Depending on how your organization is financed and what regulations or compliance measures surround its operations, you may or may not need to perform an additional audit when you change your year-end date. Our firm specializes in auditing affordable housing and not-for-profit organizations, which is why we will consider these two industries for this question.
Affordable Housing (Including HUD)
When the owner or board of directors elect to change the year end of the property, it may add costs to your normal audit fee. HUD makes the ultimate decision whether you can file normally or if you have to submit a partial-year audit.
Audits typically cover a 12-month period, but under the circumstances of a changing year end, can cover up to 15 months. If the difference between the old year end and the new one extends the reporting period beyond 15 months, HUD will likely tell you to get a partial audit (also called a stub year) to cover the gap in reporting.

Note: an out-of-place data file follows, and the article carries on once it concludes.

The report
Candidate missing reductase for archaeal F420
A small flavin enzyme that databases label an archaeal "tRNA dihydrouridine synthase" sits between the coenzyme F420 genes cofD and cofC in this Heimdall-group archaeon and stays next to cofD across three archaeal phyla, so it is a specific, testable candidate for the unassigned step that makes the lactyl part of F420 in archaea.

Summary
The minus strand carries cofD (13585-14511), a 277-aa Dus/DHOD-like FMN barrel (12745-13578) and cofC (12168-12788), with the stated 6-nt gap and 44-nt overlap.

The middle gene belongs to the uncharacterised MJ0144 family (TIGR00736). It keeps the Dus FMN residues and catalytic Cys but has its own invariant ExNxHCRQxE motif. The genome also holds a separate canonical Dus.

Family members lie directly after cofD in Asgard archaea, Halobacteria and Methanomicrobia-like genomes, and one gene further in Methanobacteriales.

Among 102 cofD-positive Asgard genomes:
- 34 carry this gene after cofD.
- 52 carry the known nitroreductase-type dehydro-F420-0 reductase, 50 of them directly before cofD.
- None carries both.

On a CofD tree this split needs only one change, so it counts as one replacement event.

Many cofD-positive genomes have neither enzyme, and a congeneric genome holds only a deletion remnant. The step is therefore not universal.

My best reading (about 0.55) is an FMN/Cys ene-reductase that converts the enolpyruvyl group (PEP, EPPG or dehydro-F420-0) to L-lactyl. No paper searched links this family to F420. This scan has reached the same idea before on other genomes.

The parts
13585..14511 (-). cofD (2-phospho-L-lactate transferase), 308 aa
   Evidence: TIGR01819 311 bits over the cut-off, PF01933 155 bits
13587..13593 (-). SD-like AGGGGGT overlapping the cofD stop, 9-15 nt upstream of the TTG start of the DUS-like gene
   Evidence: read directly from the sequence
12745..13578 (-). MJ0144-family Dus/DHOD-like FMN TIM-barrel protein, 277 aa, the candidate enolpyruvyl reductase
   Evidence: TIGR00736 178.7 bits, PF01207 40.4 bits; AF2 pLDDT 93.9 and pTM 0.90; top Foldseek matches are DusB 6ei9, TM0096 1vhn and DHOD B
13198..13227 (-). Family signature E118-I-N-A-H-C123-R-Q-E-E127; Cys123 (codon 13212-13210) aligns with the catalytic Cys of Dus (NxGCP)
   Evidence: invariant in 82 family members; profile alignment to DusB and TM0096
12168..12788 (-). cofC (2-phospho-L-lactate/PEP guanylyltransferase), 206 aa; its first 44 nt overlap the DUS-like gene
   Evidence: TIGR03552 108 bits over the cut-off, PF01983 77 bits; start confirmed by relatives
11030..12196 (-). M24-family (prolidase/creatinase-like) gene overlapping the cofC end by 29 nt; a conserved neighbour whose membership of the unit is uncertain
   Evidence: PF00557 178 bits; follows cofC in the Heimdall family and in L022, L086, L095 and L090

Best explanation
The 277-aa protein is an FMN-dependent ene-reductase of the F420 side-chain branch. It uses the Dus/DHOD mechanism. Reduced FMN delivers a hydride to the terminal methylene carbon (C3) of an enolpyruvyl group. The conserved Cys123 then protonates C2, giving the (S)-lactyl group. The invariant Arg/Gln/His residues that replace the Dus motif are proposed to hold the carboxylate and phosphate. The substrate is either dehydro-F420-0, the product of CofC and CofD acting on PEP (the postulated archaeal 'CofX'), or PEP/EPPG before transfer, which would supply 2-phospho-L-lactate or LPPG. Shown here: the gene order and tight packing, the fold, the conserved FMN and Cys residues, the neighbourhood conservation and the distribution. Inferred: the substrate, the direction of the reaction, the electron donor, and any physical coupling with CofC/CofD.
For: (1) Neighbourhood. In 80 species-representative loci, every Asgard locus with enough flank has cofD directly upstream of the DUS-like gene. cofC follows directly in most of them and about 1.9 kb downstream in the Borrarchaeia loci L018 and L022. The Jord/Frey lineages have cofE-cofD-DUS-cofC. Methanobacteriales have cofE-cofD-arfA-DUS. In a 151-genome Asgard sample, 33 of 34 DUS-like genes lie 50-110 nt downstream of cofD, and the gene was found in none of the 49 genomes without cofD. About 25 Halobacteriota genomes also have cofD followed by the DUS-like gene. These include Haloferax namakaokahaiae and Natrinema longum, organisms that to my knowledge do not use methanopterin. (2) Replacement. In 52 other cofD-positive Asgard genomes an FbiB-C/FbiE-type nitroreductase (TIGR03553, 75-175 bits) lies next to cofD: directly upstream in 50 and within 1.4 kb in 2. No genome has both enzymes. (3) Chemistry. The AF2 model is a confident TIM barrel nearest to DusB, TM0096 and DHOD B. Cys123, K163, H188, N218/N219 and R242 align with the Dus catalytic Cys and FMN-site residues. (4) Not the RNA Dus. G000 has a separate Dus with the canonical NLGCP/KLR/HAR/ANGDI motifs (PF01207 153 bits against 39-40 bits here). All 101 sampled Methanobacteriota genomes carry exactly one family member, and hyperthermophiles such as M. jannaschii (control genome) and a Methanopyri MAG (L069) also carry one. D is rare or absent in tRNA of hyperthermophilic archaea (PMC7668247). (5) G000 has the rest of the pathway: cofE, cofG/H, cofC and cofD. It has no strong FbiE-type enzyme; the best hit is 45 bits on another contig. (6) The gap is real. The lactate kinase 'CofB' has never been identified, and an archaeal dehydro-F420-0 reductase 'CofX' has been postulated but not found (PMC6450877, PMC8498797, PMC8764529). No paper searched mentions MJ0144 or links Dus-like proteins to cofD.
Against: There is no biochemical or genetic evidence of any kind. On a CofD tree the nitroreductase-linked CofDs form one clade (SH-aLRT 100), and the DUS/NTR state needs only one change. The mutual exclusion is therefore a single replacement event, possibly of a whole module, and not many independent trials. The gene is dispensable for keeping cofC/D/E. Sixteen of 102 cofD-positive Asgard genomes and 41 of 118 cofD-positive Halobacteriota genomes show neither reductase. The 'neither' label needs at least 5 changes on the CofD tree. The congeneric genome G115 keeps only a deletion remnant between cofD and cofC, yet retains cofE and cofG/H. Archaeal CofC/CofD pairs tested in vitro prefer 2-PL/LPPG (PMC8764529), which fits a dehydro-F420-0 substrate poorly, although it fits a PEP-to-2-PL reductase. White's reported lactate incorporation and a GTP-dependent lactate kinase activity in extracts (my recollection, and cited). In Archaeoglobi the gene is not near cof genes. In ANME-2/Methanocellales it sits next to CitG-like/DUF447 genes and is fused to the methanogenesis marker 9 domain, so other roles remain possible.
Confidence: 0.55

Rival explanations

There are many reasons a not-for-profit organization would change their year-end date. Some decide to switch to accounting firms’ off season to save money, or because regulations dictate that they end their year during a specific time frame.
However, because the goal of an audit for non-profits is to check in and report financial information to the board of directors, it’s almost always more helpful to do a partial audit at the new year end rather than waiting to wrap it all up into one.
By doing this, your organization gets better, more relevant data at the new year end, establishing a benchmark for the first full audit the following year. Though it increases the audit fee for the current year, it’s worth the benefit to the board, who can make more well-informed decisions based on accurate financial statements.
If you’ve recently refinanced or changed your year-end date and need guidance on what to do next, feel free to contact our auditors today. We’re always here to serve!
Are RD’s compliance requirements the same as HUD’s?
They are similar but not exactly the same. For example, HUD requires tenant file testing, but RD does not. RD requires certain reports about the replacement reserve account, whereas HUD tests this area differently.